Those apps/extensions do a pretty good job of recognizing whenever there’s a login form or registration form on a page or app that you’re using, and it will either suggest a saved password for it, or it will give you an interface to automatically generate a password using options like length, complexity, etc… You click a few buttons and you have a super-strong password that automatically gets stored in your password vault so that you never have to worry about it again.

Then, when you need to login, it will auto-suggest that stored password and let you automatically fill in the username/password fields.

Login form that takes a username and password

Another great feature that can be useful for personal and work environments is the ability to share passwords. Whether you need to share with a parent or sibling, or whether a co-worker needs to get access to a shared work account, there aren’t many great solutions for sharing passwords. You definitely don’t want to email it in plaintext (despite many people still doing this…), write it down on a sticky note, or have to worry about typing it in every time they need access. Most password managers provide the ability to share passwords in a format that either shows them what the password is, or not! So they could get access to the credentials, but they can’t actually see what the password is. Super helpful.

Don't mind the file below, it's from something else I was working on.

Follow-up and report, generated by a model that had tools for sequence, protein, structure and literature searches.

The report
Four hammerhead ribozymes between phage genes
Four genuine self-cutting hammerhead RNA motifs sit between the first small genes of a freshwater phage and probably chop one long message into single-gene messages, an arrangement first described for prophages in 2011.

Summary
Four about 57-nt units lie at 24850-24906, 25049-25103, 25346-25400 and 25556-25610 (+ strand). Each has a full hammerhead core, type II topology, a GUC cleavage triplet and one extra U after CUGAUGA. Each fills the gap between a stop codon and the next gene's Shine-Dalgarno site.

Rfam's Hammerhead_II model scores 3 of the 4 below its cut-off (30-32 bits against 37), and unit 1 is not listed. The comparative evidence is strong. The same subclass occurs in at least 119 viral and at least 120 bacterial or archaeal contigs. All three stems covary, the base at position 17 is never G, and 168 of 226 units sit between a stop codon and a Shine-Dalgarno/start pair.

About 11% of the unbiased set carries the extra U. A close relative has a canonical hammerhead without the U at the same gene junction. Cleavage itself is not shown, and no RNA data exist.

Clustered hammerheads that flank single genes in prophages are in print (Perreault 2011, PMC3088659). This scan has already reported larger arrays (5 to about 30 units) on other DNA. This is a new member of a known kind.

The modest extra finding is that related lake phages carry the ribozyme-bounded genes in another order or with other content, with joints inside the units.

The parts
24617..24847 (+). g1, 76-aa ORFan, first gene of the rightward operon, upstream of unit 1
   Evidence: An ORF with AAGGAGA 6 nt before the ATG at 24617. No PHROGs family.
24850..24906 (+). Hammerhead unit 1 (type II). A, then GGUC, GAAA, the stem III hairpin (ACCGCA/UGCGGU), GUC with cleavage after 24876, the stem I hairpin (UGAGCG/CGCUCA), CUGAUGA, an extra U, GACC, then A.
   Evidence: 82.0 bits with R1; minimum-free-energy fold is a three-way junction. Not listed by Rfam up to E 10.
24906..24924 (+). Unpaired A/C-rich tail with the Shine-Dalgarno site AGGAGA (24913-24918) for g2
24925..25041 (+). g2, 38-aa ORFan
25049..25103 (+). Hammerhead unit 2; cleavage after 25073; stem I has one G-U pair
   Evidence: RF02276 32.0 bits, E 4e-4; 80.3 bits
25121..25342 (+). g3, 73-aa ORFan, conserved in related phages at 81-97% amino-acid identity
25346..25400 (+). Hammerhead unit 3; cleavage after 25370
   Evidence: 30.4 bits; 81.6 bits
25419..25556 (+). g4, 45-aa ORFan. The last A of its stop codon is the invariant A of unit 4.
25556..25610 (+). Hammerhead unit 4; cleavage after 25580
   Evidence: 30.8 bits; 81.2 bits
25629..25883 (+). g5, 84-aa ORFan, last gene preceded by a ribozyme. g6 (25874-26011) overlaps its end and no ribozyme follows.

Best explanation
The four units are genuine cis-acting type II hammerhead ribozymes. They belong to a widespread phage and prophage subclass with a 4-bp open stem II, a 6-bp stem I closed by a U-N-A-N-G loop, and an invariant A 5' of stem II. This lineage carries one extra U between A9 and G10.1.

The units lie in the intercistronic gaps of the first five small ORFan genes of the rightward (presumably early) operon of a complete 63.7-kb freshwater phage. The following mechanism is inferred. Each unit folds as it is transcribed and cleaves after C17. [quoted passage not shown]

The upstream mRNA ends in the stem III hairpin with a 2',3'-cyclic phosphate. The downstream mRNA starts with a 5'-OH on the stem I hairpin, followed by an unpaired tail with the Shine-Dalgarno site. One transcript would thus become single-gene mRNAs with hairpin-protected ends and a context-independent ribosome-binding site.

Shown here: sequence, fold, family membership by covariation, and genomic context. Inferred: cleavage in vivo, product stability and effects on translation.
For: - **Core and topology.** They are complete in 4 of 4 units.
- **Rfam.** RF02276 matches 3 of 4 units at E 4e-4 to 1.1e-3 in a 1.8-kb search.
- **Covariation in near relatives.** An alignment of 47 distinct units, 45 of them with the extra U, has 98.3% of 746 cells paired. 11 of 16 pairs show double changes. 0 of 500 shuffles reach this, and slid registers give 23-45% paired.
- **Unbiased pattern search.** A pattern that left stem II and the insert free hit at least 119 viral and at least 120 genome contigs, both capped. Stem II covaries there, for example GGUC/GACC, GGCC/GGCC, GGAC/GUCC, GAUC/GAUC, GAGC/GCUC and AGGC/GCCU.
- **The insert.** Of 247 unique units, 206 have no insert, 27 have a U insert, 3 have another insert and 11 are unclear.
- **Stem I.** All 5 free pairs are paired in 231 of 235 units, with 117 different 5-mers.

Even if you developed a rock-solid password storage solution of your own, you’d still have to develop that additional functionality. That would require a lot of time that most people don’t have…

You should be using MFA anyway

The last reason we’ll mention as to why you should use a password manager over creating your own is that you should be using MFA for your accounts anyway.